St. Tarasius points out during the Acts of the Seventh Council that St. Meletius was “ordained by the Arians; yet, when he ascended the pulpit and preached the consubstantiality, his ordination was never disapproved.” (Acts of the Seventh Council)
Further, he states, “What say ye to Anatolius? Was he not President of the fourth Ecumenical Council, and this although he was ordained by the impious Dioscorus in the presence of Eutyches himself? May we not then, admit those who have been ordained by heretics, since Anatolius was thus admitted? And again, it is the undoubted voice of God, that the children shall not die for the fathers, but each one shall die for his own sin. And moreover, consecration is from God.” (Ibid.)
“The greater part of those who sat in the sixth Ecumenical Council were ordained by Sergius, Pyrrhus, Peter, and Paul, prime movers of the heresy of the Monothelites, because that they, in succession, obtained the chair of Constantinople; and from Peter, the last of these, to the time of the sixth Council, was a space of fifteen years, during which period John, Thomas, and Constantine, who were also high Priests in succession, received their orders from the heretics aforesaid, but no objection was ever raised against them on that account: now this heresy continued for upwards of fifty years. Nevertheless, the Fathers of the sixth Council scrupled not to condemn all the four above-named heretical Patriarchs, though they had been ordained by them.” (Ibid.)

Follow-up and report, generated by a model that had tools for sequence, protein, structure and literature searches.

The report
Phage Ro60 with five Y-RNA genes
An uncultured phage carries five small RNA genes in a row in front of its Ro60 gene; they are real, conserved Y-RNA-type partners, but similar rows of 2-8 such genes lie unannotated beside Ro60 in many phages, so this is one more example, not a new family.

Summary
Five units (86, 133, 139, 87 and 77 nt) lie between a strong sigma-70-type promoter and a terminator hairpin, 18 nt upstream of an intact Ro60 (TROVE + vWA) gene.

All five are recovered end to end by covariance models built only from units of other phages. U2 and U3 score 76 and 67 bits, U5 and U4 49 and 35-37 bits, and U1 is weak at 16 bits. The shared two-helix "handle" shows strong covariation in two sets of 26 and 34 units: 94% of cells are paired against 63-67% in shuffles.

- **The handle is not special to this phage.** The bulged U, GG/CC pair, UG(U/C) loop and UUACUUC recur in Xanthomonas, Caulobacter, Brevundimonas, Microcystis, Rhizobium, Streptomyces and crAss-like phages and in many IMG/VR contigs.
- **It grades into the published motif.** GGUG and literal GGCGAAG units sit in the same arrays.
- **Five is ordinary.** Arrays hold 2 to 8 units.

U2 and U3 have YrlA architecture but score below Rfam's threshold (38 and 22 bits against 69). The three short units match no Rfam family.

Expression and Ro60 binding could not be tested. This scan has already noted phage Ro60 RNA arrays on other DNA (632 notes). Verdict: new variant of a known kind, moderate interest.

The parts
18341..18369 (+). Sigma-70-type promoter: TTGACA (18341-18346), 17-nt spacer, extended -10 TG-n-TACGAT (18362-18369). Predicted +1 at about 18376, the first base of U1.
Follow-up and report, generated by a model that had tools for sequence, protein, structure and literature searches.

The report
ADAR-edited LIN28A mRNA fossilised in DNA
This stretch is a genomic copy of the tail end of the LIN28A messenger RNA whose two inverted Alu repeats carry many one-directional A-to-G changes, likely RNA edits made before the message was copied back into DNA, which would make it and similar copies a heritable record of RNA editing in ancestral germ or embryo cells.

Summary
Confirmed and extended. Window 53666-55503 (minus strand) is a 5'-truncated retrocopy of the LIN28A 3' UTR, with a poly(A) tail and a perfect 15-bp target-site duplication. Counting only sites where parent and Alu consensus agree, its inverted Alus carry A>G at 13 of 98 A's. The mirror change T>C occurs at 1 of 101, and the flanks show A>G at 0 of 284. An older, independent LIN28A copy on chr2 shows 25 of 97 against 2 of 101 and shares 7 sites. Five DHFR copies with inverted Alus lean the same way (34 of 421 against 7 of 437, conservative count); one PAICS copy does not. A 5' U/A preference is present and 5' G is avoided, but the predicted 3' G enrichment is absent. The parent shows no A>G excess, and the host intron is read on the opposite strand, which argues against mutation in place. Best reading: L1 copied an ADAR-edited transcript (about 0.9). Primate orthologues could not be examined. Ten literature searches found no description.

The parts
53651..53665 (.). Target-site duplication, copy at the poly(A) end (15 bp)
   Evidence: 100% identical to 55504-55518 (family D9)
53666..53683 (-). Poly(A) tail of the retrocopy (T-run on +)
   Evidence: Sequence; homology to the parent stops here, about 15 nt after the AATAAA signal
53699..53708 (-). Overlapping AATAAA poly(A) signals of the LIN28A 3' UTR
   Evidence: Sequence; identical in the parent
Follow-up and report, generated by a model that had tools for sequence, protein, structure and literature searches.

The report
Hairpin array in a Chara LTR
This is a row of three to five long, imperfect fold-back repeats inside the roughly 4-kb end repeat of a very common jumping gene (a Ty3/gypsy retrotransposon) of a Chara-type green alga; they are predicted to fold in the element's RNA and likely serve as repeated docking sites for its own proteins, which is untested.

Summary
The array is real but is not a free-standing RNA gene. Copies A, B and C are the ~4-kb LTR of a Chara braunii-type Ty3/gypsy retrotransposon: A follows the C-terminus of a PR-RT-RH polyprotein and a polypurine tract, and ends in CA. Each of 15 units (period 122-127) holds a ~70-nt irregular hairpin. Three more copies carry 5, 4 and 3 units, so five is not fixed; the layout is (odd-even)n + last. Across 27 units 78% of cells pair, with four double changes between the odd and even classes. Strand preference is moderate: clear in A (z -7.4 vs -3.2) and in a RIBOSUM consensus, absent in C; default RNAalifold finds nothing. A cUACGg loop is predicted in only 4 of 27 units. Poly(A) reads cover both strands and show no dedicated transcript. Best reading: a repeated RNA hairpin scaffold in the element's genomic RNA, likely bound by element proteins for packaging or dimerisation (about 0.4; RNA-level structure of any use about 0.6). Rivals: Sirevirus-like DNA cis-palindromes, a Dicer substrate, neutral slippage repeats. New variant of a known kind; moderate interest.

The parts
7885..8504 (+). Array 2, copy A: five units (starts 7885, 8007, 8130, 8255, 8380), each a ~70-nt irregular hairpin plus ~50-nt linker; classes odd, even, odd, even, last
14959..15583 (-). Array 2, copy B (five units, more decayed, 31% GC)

St. Tarasius thus makes our argument for us. He not only himself accepts Iconoclast bishops without reordination, but even speaks of other Christological heretics being received in a similar fashion, even those ordained by Arians. At the point of St. Meletius, one cannot even speak of the festering presence of Arianism within the Church because these schisms were formidable, and all post-Nicean.
That a cleric should be received through any of the aforementioned methods, and moreover that the dignity of his priesthood should be accepted as it was granted demonstrates now not only the presence of the earlier sacraments, but now also of an ecclesiality. From this we can confirm that heretics can in theory, have not only a valid baptism, but the key pillars of Church life expressed through valid Apostolic Succession. St. Tarasius confirms as much when he explicitly states that “consecration is from God,” which precludes any sort of economic argument about the validity of form of an ordination.
Schism and Papism
Of all that has been written thus far, we understand that a genuine ecclesiastical nature can be ascribed to certain heretics. Of those currently existing, Nestorians and Non-Chalcedonians are plainly by canonical norm (not ekonomia) to be received by confession of faith. We know that in the first millennium, the Western Fathers unanimously understood this to be the case, and that the Eastern Fathers and Councils de facto adopted these standards. Furthermore, we know that in both cases, there are types of heretics and schismatics which receive genuine grace of Apostolic succession, for which reason their clergy are not re-ordained once they are brought into the Church.